While electric vehicles (EVs) are quickly becoming more and more common on the world’s roads, Australia still lags far behind virtually all developed nations when it comes to EV take-up, despite the lack of a notable domestic auto industry.
Take-up has largely been hampered by a lack of federal incentives or consistent policy regarding EVs. Some states are offering incentives whilst others are in the process of policy planning, but things have been moving at a snail’s place. Until now, at least.
New South Wales – the country’s most populated state and biggest individual state economy – has just announced a $490 million package of reforms designed to stimulate uptake of EVs, including a stamp duty waiver, $3,000 rebates for up to 25,000 vehicles under $68,750, spending on charging infrastructure, and deferring a road user charge until 2027, The Driven reports.
It’s the biggest and most concrete policy change the country has seen in regards to EVs in a long time, and a move that’s been lauded by consumers and industry players alike. Volkswagen Group Australia managing director Michael Bartsch in particular has called the reforms “logical and progressive” and suggesting that they’ll help Australia leave the “automotive third world”.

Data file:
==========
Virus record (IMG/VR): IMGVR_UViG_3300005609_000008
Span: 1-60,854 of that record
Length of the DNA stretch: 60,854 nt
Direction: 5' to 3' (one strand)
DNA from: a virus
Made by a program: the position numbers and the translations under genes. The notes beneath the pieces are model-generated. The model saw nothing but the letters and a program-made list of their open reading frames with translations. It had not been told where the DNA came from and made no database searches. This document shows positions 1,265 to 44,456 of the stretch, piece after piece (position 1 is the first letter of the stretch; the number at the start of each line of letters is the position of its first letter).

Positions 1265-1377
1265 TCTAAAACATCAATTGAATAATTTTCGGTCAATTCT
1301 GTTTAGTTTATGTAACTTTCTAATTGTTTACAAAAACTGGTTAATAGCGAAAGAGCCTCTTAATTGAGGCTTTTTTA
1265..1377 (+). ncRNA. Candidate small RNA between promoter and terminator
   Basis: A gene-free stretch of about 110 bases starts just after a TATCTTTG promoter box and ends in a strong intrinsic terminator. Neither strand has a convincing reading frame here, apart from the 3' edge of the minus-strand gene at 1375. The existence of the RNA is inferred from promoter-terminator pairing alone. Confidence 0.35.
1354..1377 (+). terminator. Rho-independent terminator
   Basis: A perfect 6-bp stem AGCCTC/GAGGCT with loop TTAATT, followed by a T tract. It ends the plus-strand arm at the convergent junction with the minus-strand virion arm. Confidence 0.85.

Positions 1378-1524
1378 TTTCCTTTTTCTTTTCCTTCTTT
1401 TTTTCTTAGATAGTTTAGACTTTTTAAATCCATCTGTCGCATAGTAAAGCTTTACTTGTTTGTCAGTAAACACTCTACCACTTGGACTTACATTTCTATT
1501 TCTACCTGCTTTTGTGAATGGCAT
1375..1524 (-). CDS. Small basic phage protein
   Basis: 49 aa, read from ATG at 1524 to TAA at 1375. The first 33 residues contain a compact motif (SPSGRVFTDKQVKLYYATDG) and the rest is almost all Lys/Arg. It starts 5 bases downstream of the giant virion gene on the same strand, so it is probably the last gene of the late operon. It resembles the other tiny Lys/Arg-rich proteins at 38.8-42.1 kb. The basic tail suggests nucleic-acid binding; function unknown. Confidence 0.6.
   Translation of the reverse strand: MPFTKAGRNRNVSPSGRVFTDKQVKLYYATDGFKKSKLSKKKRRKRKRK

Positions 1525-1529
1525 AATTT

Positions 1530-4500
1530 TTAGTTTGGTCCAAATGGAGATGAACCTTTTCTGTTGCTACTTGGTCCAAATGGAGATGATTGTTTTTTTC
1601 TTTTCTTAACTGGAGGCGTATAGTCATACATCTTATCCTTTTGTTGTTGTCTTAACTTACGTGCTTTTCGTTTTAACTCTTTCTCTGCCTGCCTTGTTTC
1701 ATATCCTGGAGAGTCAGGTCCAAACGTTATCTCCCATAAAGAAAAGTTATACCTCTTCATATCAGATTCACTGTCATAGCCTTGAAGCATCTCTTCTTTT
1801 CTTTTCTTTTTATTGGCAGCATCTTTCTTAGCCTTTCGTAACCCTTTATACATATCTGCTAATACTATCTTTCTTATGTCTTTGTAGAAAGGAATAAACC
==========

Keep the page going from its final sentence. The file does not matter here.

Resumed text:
That $68,750 figure seems largely shaped by the cost of a Tesla Model 3, Australia’s most popular EV. A base model ‘Standard Plus’ Model 3 starts at around $62,900 – although its ‘Long Range’ and ‘Performance’ trim levels are $77,900 and $89,900 respectively, so no rebates there.
Still, these new incentives make NSW officially the best place in Australia to buy an EV, beating out the ACT for the most generous incentives in the country. The ACT government offers $15,000 interest-free loans to anyone wanting to buy an EV. You also don’t pay stamp duty and get free rego for 2 years.
Victoria is also offering a $3,000 subsidy for more than 20,000 zero-emission vehicles with a sticker price of less than $69,000 – but has come under fire for its controversial and inarguably backward plan to levy a road user charge of 2.5c/km for full battery EVs, and 2c/km for plug-in hybrids.
One of the concerns about Australia’s slow adoption of EVs – as well as policy stagnation regarding other aspects of modern motoring, such as emissions, fuel quality and taxation – is that Australia will become a ‘dumping ground’ for outdated car technologies and models that wouldn’t be acceptable in other parts of the world, to the detriment of consumers, business and the environment.
That’s why this move from the NSW state government is so refreshing. As Australia’s leading state, developments in EV policy NSW will undoubtedly encourage and shape other states to follow suit – and might even encourage the federal government to take a more active role in shaping EV adoption Down Under.